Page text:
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Scientists around the world have been bamboozled this week by a fictitious asteroid heading toward Earth.

A group of experts from US and European space agencies attended a week-long exercise led by NASA in which they faced a hypothetical scenario: An asteroid 35 million miles away was approaching the planet and could hit within six months.

Stephen Hawking thought an asteroid impact posed the greatest threat to life on Earth. Thanks to Kiwico for sponsoring this video. For 50% off your first month of any crate, go to
For other potential world ending catastrophes, check out Domain of Science:

Special thanks to:
Prof. Dave Jewitt from UCLA Earth, Planetary, and Space Sciences.
Prof. Mark Boslough from Sandia National Labs.
Scott Manley:
Ryan Wyatt at Morrison Planetarium.
Prof. Amy Mainzer.
Alexandr Ivanov for the opening shot of Chelyabinsk Meteor.

Maps of Asteroid Impacts —

Time passing animation from Universe Sandbox —

Opposition Effect —
Belskaya, I. N., & Shevchenko, V. G. (2000). Opposition effect of asteroids. Icarus, 147, 94–105.

Potentially Hazardous Asteroids —
Perna, D., Barucci, M. A., & Fulchignoni, M. (2013). The near-Earth objects and their potential threat to our planet. The Astronomy and Astrophysics Review, 21, 65.

WASHINGTON — NASA’s OSIRIS-REx spacecraft will make one final close approach to the asteroid it collected samples from next week before heading back to Earth.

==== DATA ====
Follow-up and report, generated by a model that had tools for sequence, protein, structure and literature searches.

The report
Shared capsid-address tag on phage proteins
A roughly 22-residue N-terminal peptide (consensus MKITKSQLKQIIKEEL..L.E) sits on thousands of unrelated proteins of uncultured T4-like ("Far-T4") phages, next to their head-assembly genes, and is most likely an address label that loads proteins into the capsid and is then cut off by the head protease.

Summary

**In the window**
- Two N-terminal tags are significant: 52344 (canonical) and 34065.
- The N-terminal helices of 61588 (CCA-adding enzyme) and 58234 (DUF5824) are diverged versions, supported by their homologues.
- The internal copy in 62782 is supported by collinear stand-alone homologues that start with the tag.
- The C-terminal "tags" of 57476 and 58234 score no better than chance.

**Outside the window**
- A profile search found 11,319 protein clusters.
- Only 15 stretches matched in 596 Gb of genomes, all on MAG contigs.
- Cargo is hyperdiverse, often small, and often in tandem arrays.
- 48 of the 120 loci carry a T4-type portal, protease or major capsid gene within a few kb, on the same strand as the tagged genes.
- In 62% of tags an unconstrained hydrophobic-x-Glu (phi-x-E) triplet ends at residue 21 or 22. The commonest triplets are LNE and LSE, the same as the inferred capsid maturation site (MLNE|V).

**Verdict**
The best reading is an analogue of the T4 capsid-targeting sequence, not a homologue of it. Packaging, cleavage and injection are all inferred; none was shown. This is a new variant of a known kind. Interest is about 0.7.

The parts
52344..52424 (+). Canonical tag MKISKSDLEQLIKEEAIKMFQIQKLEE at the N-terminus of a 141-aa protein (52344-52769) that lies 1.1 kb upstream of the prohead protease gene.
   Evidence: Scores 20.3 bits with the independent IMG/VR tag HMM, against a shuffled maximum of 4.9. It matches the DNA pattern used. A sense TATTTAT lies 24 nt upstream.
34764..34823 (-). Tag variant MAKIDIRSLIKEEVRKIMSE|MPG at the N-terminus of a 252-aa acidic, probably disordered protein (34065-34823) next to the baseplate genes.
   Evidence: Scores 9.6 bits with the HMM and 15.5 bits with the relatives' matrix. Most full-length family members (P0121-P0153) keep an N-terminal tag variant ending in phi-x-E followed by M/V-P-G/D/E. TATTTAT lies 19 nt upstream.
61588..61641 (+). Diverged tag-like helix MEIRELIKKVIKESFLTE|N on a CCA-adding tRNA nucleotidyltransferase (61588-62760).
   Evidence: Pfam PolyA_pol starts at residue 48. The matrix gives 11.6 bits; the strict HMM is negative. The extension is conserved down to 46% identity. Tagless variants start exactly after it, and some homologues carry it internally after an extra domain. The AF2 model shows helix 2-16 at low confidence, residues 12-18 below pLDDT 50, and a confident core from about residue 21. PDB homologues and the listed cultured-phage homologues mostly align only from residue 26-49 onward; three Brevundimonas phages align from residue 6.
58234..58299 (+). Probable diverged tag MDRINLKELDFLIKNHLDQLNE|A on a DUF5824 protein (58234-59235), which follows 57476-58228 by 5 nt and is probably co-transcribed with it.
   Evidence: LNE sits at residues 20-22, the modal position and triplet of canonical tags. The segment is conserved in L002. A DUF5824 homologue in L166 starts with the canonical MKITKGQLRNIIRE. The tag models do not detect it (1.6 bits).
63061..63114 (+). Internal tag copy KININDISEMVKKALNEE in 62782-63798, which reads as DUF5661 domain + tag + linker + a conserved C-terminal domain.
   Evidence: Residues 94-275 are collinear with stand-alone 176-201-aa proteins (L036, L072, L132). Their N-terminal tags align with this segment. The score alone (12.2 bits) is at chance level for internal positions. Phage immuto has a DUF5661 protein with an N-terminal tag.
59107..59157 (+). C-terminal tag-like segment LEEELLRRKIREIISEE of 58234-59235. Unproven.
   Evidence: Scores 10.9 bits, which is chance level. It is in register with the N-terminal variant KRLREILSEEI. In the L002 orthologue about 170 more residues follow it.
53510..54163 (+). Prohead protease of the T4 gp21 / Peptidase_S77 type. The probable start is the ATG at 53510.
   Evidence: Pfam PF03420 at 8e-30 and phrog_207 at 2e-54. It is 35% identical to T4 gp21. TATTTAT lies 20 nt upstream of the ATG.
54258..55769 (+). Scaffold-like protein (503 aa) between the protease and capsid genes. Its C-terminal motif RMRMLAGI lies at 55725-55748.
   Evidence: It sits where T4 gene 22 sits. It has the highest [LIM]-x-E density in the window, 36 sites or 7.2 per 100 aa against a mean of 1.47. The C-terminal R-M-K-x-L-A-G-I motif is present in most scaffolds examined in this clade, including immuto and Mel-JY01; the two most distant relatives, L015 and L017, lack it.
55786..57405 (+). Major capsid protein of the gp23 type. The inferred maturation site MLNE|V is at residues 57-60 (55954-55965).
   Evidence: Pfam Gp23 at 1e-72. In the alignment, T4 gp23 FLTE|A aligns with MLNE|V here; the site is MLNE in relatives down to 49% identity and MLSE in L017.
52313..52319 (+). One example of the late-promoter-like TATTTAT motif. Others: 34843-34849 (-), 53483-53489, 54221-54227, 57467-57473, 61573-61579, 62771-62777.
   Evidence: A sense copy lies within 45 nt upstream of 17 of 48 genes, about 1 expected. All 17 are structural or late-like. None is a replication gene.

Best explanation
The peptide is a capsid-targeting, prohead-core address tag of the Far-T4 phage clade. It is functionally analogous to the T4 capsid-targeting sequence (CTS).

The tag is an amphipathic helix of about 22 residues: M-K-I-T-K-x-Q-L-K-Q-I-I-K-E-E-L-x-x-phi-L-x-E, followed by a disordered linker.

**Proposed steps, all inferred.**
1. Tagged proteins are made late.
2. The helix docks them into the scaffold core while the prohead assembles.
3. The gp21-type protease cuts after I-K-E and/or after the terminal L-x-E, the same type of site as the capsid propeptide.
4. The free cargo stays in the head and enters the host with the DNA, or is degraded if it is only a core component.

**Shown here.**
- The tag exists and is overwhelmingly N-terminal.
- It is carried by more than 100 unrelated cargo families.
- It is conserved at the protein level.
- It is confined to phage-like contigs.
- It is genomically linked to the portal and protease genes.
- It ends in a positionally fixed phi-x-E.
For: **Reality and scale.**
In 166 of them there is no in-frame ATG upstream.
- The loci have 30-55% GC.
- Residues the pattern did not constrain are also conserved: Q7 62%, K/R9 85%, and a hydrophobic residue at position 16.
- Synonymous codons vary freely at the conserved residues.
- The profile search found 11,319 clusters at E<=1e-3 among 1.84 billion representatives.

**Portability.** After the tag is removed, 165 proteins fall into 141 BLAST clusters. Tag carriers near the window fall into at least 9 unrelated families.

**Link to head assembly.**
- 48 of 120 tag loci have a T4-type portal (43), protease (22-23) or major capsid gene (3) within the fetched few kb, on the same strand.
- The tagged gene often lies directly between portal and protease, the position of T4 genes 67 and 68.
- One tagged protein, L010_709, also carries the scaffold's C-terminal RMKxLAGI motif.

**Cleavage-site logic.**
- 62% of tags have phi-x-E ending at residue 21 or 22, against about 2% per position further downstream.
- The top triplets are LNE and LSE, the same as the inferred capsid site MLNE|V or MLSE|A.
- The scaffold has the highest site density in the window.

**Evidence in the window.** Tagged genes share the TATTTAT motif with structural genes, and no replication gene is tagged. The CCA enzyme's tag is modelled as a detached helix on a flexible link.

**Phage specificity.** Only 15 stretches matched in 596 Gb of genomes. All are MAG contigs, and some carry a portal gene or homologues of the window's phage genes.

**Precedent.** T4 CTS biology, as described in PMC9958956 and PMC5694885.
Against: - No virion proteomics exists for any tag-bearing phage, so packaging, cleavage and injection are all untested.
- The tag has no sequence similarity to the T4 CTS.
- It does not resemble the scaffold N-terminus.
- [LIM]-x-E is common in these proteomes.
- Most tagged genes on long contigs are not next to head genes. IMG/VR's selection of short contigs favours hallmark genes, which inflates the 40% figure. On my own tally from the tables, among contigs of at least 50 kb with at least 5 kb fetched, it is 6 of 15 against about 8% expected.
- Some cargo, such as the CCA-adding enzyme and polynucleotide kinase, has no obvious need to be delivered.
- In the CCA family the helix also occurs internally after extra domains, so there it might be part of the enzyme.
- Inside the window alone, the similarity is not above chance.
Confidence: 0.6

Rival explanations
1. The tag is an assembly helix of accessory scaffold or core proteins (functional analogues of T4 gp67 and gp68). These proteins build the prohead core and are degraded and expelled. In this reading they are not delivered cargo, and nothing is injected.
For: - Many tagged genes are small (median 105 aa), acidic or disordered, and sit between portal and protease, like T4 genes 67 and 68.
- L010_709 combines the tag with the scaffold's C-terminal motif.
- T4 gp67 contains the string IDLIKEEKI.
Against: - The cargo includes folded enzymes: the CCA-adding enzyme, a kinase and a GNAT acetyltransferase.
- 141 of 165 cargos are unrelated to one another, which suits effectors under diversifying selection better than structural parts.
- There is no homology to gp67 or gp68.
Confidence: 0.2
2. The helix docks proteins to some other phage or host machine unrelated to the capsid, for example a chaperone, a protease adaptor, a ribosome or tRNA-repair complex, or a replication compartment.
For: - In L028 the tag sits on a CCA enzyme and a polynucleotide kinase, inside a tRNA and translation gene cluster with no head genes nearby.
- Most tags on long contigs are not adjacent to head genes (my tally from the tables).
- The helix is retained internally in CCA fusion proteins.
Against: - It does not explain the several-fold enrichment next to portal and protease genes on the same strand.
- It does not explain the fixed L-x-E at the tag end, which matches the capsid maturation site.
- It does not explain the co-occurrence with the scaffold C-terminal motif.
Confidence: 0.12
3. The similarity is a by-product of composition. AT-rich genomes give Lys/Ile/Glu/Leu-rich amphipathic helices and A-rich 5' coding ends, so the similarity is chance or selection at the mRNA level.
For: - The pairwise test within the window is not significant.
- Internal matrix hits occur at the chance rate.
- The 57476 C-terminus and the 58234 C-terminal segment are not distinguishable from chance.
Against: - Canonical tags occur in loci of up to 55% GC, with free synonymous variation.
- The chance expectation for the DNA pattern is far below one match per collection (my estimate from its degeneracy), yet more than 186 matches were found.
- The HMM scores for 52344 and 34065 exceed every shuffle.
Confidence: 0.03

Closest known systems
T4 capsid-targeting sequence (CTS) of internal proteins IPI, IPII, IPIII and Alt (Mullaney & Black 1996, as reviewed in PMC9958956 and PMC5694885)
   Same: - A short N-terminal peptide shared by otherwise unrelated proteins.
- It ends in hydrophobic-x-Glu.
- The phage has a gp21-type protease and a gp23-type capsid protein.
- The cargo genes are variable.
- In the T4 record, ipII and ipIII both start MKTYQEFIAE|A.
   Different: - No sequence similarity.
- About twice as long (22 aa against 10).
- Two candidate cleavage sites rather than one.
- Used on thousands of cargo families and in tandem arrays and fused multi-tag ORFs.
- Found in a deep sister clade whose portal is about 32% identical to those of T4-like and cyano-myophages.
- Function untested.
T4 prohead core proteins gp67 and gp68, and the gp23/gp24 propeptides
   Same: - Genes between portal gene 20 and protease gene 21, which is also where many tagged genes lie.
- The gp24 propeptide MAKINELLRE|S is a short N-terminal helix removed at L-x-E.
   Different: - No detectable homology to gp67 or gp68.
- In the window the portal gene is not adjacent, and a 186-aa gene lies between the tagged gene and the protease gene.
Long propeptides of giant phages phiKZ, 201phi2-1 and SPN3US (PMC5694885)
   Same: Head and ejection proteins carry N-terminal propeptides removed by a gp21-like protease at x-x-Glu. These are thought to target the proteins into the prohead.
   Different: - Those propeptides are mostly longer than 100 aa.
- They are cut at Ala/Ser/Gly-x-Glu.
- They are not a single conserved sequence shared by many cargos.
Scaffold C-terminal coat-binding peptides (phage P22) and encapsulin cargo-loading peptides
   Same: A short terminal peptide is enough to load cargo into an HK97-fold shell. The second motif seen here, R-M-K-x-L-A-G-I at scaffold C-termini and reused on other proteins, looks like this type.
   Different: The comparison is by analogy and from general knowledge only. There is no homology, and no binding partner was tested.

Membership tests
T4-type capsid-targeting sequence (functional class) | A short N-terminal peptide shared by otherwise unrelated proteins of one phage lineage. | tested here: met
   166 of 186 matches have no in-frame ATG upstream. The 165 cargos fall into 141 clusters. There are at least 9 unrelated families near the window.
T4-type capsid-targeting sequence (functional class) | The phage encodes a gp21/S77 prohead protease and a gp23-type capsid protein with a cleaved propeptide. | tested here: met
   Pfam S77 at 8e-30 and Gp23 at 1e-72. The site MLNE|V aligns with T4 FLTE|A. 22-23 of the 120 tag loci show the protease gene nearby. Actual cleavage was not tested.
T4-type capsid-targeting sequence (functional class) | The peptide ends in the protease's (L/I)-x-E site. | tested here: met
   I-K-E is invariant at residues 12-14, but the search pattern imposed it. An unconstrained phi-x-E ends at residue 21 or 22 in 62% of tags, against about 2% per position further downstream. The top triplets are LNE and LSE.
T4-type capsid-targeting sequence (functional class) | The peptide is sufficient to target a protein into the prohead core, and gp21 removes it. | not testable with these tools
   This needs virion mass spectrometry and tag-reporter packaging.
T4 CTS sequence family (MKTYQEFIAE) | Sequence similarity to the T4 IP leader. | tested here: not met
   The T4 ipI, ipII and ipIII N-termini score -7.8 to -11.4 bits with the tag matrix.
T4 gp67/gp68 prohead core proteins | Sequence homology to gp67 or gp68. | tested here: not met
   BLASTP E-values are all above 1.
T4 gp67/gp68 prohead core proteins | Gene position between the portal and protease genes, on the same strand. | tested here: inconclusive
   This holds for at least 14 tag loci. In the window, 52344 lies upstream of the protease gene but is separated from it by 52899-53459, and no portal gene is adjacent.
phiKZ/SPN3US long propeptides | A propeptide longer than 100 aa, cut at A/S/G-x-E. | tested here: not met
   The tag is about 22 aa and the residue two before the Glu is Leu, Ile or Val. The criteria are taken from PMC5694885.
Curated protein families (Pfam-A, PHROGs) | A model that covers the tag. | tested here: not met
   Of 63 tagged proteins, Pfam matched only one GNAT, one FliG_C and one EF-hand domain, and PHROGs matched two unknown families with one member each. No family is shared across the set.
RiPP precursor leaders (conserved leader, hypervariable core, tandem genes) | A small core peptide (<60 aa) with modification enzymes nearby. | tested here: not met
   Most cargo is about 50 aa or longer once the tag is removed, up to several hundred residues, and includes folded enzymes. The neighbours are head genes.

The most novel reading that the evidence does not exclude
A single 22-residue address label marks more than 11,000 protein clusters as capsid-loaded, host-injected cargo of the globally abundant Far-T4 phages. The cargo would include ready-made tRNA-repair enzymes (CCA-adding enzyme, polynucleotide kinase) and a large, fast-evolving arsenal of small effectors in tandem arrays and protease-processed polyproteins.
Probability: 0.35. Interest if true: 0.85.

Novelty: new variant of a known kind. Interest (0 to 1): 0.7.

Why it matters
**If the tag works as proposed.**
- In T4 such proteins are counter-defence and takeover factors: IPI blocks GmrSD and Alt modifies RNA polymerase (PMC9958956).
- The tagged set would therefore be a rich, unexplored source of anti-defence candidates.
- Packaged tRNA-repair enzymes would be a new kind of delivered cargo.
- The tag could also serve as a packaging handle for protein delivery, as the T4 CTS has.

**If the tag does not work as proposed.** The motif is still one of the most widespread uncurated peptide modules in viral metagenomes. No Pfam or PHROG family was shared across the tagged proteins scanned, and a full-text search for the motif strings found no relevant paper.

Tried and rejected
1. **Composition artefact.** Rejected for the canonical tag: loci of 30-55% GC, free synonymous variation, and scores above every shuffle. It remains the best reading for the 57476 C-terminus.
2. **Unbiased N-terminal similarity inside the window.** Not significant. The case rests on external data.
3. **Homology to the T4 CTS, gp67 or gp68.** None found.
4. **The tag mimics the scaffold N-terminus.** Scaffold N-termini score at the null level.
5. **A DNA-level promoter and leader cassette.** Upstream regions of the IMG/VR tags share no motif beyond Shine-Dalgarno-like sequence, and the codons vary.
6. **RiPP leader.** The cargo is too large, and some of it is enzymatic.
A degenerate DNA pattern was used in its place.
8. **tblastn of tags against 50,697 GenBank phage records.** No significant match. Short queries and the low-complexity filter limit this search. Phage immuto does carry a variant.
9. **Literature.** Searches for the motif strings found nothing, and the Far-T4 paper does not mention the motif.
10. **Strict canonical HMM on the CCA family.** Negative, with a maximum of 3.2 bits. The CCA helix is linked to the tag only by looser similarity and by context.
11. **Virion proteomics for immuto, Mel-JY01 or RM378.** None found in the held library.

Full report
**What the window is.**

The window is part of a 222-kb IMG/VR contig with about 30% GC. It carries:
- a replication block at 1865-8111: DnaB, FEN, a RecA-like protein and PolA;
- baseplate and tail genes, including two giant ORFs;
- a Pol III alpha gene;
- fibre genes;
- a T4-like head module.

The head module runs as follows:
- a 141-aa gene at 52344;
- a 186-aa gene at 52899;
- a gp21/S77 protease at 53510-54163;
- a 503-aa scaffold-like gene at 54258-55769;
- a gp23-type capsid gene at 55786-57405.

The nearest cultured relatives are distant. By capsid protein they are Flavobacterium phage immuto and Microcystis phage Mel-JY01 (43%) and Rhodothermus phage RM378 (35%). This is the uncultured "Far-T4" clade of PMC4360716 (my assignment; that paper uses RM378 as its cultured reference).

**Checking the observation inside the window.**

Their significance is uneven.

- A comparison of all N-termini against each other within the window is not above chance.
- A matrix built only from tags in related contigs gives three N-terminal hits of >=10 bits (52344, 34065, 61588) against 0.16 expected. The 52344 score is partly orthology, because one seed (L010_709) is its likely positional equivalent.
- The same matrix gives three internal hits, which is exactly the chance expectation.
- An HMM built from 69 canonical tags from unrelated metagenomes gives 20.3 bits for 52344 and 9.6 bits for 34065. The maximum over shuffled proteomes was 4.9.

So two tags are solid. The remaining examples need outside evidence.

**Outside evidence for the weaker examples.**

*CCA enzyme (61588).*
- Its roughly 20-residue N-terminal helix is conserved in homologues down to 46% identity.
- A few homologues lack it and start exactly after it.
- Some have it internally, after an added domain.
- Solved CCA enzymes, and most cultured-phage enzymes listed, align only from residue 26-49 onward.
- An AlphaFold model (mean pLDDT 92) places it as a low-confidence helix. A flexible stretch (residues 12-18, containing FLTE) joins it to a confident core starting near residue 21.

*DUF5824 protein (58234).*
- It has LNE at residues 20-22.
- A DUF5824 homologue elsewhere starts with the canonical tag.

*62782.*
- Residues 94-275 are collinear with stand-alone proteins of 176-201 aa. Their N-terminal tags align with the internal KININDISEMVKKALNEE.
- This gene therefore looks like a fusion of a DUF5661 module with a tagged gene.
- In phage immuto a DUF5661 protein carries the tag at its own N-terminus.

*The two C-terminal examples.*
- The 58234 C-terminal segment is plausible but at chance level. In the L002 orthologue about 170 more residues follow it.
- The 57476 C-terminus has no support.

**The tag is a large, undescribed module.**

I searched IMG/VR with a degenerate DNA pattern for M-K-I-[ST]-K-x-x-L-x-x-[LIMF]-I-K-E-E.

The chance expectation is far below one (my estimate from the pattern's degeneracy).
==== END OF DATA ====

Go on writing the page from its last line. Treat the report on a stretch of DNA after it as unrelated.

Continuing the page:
On April 7, the spacecraft will pass 3.7 kilometers above the location on the asteroid Bennu called Nightingale where, in October, the spacecraft briefly touched down and collected as much as several hundred grams of material, now stored in the spacecraft.

Immediately after that sample collection maneuver, the mission had no plans to return to the vicinity of Bennu. However, NASA decided to make a final pass over the touchdown site to see what changes the sampling made to the Nightingale region, like the creation of a crater.

Approximately 430000 years ago, a meteorite exploded over Antarctica.

The only reason we know about it now is because scientists have just found tiny, once-molten particles of space rock that have been hidden away in the ice ever since.

Based on an analysis of those particles, the event was an unusual one — not quite powerful enough to produce an impact crater, but nor was it a lightweight. The jet of melted and vaporized material that blasted from the mid-air explosion would have been more hazardous than the Tunguska event that flattened a Siberian forest in 1908.

The interplanetary interloper won’t come closer than 1.25 million miles to Earth, but it will present a valuable scientific opportunity for astronomers.

The largest asteroid predicted to pass by our planet in 2021 will be at its closest on March 21, providing astronomers a rare opportunity to get a good look at a rocky relic that formed at the dawn of our solar system.

Called 2001 FO32, the near-Earth asteroid will make its closest approach at a distance of about 1.25 million miles (2 million kilometers) – or 5 1/4 times the distance from Earth to the Moon. There is no threat of a collision with our planet now or for centuries to come.

Earth is destined for disaster. This is a good insurance policy.

In 2013, a cataclysmic meteor the size of a six-story building broke apart above Chelyabinsk, Russia, and the resulting blast was stronger than a nuclear explosion. In 2068, astronomers believe a potentially hazardous “God of Chaos” asteroid could slam into Earth. Both events suggest humans—and every other animal and plant on Earth—are much more susceptible to total annihilation than we think.

That’s why scientists at the University of Arizona are proposing a far-out concept that just might save us all: a 21st-century version of Noah’s Ark … on the moon.

This ark wouldn’t contain two of every animal, but rather, a repository of cryogenically frozen reproductive cells from 6.7 million species on our planet.